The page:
“By means of reflecting surfaces afforded by sheets of mica or polished quartz, and even plates of native copper, the prehistoric Indian could send his heliograms to considerable distances and have them relayed to any given point agreed upon.”
The number and kinds of flashes were used to symbolize the communication. Mirror signals were commonly used by hunting scouts to indicate the type, number, and location of game. Similarly, war party scouts used mirrors to indicate information about the enemy. Among the Plains Cree, for example, many of the warriors carried a mirror, often in a beaded buckskin pouch, around their necks. The members of the group would agree in advance as to the meanings of the different flashes.
In addition to hunting and war, mirrors were also used to communicate between lovers.
In the Southwest, the Ancestral Puebloans (also called Anasazi) – the ancestors of the modern Pueblos –constructed stone towers which facilitated signaling with smoke signals, fires, and mirrors. In the Chaco Canyon area of New Mexico, archaeologists have found several related mesa-top signal stations that provide for line-of-sight communications—presumably by smoke, fire, or reflected light. Fires were used for communicating at night, while during the day they would use smoke signals or mica mirrors. Chacoan society had an integrated system of instant communications. Archaeologists estimate that messages could be flashed throughout the Chaco Canyon area of New Mexico in just a matter of minutes, which enabled them to start ceremonies in several pueblos nearly simultaneously.
In other parts of the Ancestral Puebloan world, such as the pueblos in Colorado and Utah, stone towers served as a line-of-sight communication system to link the pueblos together. While these communication systems could have helped warn of possible enemy attacks, they also could be used to coordinate important ceremonies such as solstices and lunar maximums.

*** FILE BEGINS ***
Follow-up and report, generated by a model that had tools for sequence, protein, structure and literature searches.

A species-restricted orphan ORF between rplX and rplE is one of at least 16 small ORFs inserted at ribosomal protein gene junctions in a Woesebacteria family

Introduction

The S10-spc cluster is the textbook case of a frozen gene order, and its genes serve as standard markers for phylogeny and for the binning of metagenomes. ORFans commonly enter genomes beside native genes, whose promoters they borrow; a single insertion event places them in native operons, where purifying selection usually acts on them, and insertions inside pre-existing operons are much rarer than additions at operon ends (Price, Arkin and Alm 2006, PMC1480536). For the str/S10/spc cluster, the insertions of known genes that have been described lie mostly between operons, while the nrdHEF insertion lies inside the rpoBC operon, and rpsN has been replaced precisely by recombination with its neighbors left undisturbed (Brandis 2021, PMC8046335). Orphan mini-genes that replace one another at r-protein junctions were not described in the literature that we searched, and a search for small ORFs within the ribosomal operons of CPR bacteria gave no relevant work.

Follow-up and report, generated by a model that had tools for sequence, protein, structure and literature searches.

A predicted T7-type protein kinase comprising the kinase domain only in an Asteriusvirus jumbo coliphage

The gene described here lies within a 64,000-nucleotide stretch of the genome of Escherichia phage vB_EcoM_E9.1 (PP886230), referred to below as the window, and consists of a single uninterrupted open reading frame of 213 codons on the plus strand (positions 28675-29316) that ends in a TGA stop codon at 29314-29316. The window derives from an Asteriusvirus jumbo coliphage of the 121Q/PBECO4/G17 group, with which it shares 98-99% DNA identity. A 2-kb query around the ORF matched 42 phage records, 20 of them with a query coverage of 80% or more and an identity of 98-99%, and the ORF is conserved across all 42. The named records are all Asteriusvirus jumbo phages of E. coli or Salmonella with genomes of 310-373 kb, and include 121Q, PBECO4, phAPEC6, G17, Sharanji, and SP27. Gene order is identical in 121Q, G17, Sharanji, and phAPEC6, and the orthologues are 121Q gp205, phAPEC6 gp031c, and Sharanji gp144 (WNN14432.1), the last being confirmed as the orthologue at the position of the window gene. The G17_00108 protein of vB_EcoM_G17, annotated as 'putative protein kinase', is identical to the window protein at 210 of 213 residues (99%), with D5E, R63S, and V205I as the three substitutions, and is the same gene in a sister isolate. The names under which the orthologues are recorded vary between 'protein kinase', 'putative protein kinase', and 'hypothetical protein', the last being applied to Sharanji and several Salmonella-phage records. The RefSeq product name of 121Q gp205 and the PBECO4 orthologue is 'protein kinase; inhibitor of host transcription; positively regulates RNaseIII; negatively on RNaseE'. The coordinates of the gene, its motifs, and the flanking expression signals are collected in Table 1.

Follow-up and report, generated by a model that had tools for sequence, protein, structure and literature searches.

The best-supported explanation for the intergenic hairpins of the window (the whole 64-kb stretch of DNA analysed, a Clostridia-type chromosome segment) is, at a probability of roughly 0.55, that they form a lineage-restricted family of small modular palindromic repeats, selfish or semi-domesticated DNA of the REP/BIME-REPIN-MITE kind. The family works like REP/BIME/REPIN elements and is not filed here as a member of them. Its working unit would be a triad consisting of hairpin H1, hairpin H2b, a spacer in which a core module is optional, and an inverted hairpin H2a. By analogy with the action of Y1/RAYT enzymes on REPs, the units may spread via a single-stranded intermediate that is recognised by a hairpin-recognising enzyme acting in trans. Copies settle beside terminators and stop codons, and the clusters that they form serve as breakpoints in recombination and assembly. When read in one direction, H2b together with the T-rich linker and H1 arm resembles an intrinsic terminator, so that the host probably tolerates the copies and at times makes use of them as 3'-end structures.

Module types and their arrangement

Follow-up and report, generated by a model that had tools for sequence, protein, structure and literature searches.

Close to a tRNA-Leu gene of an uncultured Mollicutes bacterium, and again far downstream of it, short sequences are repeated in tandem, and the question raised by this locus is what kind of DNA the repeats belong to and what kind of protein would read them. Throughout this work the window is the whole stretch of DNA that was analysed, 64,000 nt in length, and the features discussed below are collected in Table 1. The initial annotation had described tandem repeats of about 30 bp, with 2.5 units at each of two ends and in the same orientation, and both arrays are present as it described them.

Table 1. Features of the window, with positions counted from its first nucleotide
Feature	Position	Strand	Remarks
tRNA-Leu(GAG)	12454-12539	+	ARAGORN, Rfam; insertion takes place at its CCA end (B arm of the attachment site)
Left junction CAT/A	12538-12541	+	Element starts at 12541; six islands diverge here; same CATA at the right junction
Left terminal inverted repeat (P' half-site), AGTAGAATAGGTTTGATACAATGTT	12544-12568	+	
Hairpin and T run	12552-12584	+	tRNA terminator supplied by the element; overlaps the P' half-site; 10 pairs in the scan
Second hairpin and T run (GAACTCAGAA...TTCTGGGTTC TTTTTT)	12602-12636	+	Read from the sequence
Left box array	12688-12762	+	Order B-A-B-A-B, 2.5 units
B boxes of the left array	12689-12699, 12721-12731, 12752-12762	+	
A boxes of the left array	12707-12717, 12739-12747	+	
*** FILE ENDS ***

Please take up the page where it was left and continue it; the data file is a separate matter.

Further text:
At the Mule Canyon Pueblo in Utah, the signal tower is linked to a kiva—an underground ceremonial chamber—with a tunnel which may have been used ceremonially. Stone towers in other pueblos in the area were used as a part of the visual communications system which used mirrors, crystal reflectors, fires, and smoke signals to tie the area together.
Another form of long-distance communication involved the use of body signals. Different gestures and postures were used by scouts and lookouts to communicate with the main band. Body signals included the use of blankets. For example, Arthur Caswell reports:
“To signal halt, the end of the blanket is waved downward several times.”
Throughout North America, Indian people devised many methods for communicating effectively across fairly long distances. These different long distance communication systems were important for activities including hunting, warfare and defense, and for coordinating ceremonies.
Indians 101/201 is a series exploring American Indian histories, cultures, and current concerns. Indians 201 is an expansion of an earlier essay. More from this series: